So, I was manning camera 3 last night at Kulak's for the Monday Night Open Mic. Lisa Turner was doing her usual thing, doling out the rules for the night -- no song over 4 minutes, exit downstage (or down-rug) left, no tuning up on stage, etc. -- when it was time to draw names from the buckets. (There's a two hour time limit on the night and names are chosen randomly, one from the bucket of people buying a DVD of their performance and one from people just wanting to play.)
I was drawing the names and showing them to her, and she wrote them down in order and said them out loud. Usually, we can get about 34 people into those 2 hours, and I was number 7. The 34th person was a woman holding a guitar in the front row. Sitting next to her was a woman who looked like her mother. Grandma, who was holding a baby said, "Well, we can stay as long as the baby lasts."
Being the saintly martyr, I, of course, immediately said that I'd exchange places. (Right when mama started playing, though, baby started crying. God bless mothers.)
I managed to stand on camera 3 for 90 minutes. I was going for the full 2 hours, but about 9 or 9:15, I was starting to wear out, so I switched with Dennis. (Camera 2 operator sits.)
I wasn't sure what song to sing. I've been singing a different one each week, rarely repeating, and I kept flipping through my mind which one I would choose. So far, I've done all my "standards." Connected, Going It Alone, Lazarus Come Out, My Thanksgiving Prayer, Gabi's Song, William's Song, etc.
By the time it got to me, the room had mostly cleared of the dilatantes and newbies. Left in the room were the ones who are more than serious about their craft and art. I had, before the broadcast, just had a long conversation with Joe Hamilton, who has an almost magical feel in his virtuosic fingering when he plays guitar, about songwriting.
The others in the room, D. Whitney Quinn (who writes these dark songs with a razor's edge of suicidal humor), Dave Morrison (whose songs are like a tour of people on the buses and streets of L.A.), Lisa Turner (whose angelic voice stills the air and stops your heart), Marc Platt (who has more hooky guitar riffs in him than Chuck Berry), Julie Chadwick, Michael Mishaw, Siobhan, Paul McCarty, and so many more. Just naming them does a disservice to the others because each one has a unique quality but this paragraph would go on forever.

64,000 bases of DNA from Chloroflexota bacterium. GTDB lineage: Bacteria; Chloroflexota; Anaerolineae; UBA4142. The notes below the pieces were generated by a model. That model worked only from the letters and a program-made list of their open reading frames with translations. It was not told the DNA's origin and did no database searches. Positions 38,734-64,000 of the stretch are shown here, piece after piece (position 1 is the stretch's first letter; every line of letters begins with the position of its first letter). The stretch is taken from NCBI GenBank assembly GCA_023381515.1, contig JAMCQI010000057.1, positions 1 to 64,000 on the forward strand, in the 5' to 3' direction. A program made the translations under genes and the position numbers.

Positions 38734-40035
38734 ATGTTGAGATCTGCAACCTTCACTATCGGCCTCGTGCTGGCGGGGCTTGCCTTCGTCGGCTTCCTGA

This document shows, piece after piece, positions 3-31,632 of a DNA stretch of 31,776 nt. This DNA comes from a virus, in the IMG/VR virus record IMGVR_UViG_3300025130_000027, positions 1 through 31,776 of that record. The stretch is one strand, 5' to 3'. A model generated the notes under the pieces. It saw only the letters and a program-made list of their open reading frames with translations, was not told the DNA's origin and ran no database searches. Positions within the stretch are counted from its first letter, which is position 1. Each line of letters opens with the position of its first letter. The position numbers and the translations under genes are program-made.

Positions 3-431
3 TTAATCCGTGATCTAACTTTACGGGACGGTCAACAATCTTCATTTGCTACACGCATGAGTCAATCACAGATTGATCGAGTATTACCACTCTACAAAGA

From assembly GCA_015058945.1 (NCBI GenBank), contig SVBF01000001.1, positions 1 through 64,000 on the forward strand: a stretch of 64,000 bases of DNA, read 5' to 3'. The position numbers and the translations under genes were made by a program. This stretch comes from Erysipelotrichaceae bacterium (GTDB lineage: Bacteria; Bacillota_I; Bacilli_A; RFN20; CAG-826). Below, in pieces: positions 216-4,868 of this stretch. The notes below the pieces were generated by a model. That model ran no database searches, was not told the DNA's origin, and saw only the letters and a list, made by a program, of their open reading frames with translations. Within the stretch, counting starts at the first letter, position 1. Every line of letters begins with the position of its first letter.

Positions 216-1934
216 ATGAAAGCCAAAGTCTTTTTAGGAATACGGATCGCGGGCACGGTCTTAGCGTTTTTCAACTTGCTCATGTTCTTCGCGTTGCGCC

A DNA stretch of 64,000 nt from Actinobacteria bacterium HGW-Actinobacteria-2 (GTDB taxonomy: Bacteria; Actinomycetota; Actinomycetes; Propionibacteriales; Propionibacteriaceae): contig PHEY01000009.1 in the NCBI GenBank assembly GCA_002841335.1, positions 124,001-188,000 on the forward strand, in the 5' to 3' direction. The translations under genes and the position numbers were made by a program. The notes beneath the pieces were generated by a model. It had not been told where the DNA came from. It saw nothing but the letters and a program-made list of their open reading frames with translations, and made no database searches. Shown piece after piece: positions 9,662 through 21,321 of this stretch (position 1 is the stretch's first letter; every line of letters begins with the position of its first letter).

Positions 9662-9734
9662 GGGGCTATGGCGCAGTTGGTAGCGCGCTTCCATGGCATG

But it suddenly felt very warm in that room. We all listen to each other and talk about our songs. Being the last guy of the night, with all these other songwriters watching me, I wanted to sing something that was real "songwritery." Something they hadn't heard. So, I thought to myself, what song do I really love, but is so specialized that it doesn't work in every situation.
My first thought was "The Sad Lady," which is a true song about a woman who cuts herself and lives on the brink of suicide. But I knew I'd get in the middle of it and forget the words. It's been too long. Must brush up on that one. Whitney will go crazy for it. (We've already decided we want to write a show called "The Depressing Songs Ever Written" -- but only if we could also make it hilarious.)
So, I thought I'd bring out a song that I really have mostly performed as a part of Big Voice, though I think I sang it the night I was protested by the "God hates fags" offshoot in Kentucky (a moment which became another song, "Sower and Scarecrow.")
It's actually Ernie's favorite song of mine, "James Robertson." (He likes the early demo I made which sounds like it was produced by Brian Eno -- he calls is the "Heroes" mix -- "Heroes" as in David Bowie's album, "Heroes").
"James Robertson" is not a sing-along. It's a tightly constructed narrative with no consistent song structure -- I guess it's my "Begin The Beguine," Cole Porter's longform song.
The first part alternates in 3/4 and 4/4. I'm proud of the JR, but I'm also scared of it. I worry that when I play it, people won't know what the hell I'm singing about. Evangelists? Football fields? Limos? Theology?
Taking the bull by the horns, though, I went for it and I have to tell you, having a room full of songwriters focusing on every word you're singing is one of the great feelings a writer can have. I felt like I was a contestant on Top Chef, and I was serving my most proud meal to a panel of gourmands and chefs.
But being the insecure artist, it's also scary. I knew they were with me, and relaxed, when they giggled the second time I sang the name "James Robertson" and then were laughing louder each successive time. That's only happened a few times in the past. And they laughed at little things like "tiny speck from the cheapest seats."
When I got to the end, I actually heard gasping as the lyric circled back around to, "I discovered I didn't need..." I think I could have stopped the song and lifted my hands and conducted a sing-along. They were right there with me for the final two words, "James Robertson."
Ah, man. That felt good. Ego orgasm complete.
But now that throws me into a quandary about Friday night's show. I only have 30 minutes. Even with short introductions, that's maybe 6 songs tops. I wasn't planning on singing "James Robertson."
I hate making decisions. But I do love re-introducing my songs back into concert format. It feels good to know that, as powerful as I feel they are in the narrative structure of our musicals, they can stand alone outside the show.
A new love song based on chaos theory. Because, romantic.
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